The time frame was based on research results and smoking stages. “Once patients move out of the 6-month smoke-free period, they are considered to be in the maintenance mode, which is a different stage of their change,” Arbeau says, acknowledging relapses can still occur at this point. Patients who do require further support are provided resources that may include the family physician.
Baselines and Results
The follow-up data that is gathered is also used to evaluate the success of the program, a step that requires that a baseline be measured before the initiative is implemented. “How many admissions out of 10 can the unit expect to be tobacco users?” Arbeau asks.
The answer, judged over a 4- to 6-week period, helps not only to measure effectiveness, but also to provide an indication of the smoking prevalence on a particular unit. “We know that prevalence could be lower or higher based on the specific patient population. For instance, we find a slightly higher prevalence among cardiac patients,” Arbeau says, adding it is important for a unit to know what its starting prevalence is before implementing the smoking cessation program.
Knowing the potential patient volume can help to adequately prepare hospital resources for successful implementation of the initiative. Preparation also includes an audit of the existing policies and procedures and customization of program steps to identify responsible individuals and develop standardized resources within the specific facility.
Admissions forms and patient-care maps are modified to incorporate smoking cessation questions and interventions. UOHI experts will work with clinical directors and nursing to make these changes, as well as to train the staff. “We’re doing mass frontline training open to nurses, dieticians, social workers, rehab staff—whoever has that encounter with patients who asks for the smoking status,” Arbeau says. The goal is to build capacity throughout the organization so everyone has the same information and is comfortable with the brief interventional step. Physicians and administrators can also participate. RTs, who perform the more intensive counseling, receive more comprehensive training. The education typically includes a 2- to 3-day workshop held at the UOHI, online coursework, and time with experienced UOHI nurse counselors on-site.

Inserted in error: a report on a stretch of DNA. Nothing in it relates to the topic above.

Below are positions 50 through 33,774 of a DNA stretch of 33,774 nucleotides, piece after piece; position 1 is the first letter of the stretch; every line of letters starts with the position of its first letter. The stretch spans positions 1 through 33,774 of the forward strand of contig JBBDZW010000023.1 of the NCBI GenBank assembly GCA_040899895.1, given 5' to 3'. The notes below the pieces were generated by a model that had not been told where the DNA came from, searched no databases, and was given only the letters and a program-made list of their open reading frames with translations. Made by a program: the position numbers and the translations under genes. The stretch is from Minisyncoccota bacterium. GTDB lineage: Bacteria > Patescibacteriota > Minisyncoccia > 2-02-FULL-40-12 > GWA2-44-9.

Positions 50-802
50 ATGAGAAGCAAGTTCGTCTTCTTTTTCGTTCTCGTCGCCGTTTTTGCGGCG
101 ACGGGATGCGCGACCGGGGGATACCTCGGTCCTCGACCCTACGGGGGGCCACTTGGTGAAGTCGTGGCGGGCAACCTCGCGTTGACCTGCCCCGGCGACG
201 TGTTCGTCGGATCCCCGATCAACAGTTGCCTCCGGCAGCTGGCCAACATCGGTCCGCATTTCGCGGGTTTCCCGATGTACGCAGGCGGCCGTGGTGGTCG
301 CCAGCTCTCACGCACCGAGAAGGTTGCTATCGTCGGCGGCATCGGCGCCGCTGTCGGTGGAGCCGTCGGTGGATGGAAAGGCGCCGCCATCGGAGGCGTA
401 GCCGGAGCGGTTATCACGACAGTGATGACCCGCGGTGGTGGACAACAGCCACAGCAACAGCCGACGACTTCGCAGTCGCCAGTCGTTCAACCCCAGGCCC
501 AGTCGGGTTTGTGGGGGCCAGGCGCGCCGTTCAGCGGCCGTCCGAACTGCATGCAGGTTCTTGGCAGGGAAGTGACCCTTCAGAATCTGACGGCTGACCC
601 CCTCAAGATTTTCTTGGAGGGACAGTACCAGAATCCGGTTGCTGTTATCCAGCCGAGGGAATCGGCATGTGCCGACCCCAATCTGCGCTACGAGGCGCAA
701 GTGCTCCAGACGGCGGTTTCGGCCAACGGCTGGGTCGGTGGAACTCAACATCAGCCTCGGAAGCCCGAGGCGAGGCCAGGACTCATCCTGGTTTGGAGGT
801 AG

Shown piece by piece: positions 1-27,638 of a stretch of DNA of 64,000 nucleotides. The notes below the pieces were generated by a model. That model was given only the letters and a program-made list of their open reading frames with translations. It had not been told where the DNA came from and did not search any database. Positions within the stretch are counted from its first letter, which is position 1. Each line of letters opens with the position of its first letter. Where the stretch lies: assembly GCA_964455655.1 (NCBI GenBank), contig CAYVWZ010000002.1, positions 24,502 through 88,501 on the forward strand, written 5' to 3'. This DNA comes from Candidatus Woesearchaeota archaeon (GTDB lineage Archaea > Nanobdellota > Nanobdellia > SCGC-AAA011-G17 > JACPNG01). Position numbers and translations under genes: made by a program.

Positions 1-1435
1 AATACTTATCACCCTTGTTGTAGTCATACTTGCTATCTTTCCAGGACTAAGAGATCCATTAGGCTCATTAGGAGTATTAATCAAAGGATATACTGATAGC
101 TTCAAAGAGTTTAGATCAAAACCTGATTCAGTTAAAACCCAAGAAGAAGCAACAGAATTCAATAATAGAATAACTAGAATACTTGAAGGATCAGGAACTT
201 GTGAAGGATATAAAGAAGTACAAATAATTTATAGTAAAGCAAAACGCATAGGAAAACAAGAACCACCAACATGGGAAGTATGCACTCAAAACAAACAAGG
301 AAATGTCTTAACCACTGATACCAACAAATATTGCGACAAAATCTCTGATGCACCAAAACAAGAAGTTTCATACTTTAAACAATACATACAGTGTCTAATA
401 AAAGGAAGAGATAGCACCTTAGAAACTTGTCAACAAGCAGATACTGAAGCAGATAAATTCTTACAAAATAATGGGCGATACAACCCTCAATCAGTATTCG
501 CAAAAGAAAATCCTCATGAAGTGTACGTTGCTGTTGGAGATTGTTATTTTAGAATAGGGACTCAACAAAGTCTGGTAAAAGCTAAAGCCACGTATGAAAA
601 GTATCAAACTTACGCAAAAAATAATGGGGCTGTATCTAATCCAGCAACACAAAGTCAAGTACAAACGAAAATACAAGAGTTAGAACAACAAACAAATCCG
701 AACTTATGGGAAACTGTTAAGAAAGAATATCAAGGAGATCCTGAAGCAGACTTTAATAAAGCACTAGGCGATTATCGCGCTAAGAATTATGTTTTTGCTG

The Heart Institute is funding the program with a 3-year grant from Health Canada, which will help to establish the National Hospital-based Smoking Cessation Network in the facilities. Other organizations, such as Horizon Health Network, Pfizer Foundation (New York), and the Heart and Stroke Foundation of Canada (Saint John, New Brunswick), have also made commitments that include money, time, or other resources.
Arbeau notes that the program components or model might change to accommodate sustainability over the long-term (once federal funding has been used up), but that Horizon has committed to continue the programming in some form. “We may not have dedicated staff working full time, but we may integrate the model into respiratory therapy departments or develop a model that fulfills the requirements of the program but doesn’t require the creation of a lot of resources,” Arbeau says.
Currently, hospital inpatient counseling and medications are provided free of charge. “After that, it is the patients’ responsibility to continue the therapy in consultation with their physicians,” Arbeau says. Patients with smoking-related prescriptions (such as Zyban or Chantix/Champix) prior to admittance are asked to bring in their medications for their stay. “More times than not, however, patients are provided those therapies from the hospital formulary system,” Arbeau says.
Set Up for Success
The cost and other required resources are considered worth the expense because of the associated health care benefits of smoking cessation. Quitting can immediately and drastically reduce the risk of disease and the need for rehospitalization, according to UOHI. Subsequently, the program has been set up for success with components that research has shown to have a positive impact on quitting efforts.
According to UOHI and established literature, advice from a health professional increases cessation rates by as much as 30%, and the use of counseling and medications can double or triple the success rate. Inpatient programs are thought to offer an even greater opportunity for success since they provide a “teachable moment.” Most hospitalized smokers are in a good position to clearly recognize the health benefits of quitting smoking (or fear the health impact of continuing) and may be especially motivated. The smoke-free environment of medical facilities may also aid any effort to establish new patterns and quit.
“Hospital administrators like to see that we are making the health care system more effective and efficient and helping people make healthier choices. Helping patients with their nicotine dependence particularly has the greatest impact on their health and lessens the overall burden on the system,” Arbeau says. If patients can quit while they are ahead, everyone benefits.
Renee Diiulio is a contributing writer for RT. For further information, contact [email protected]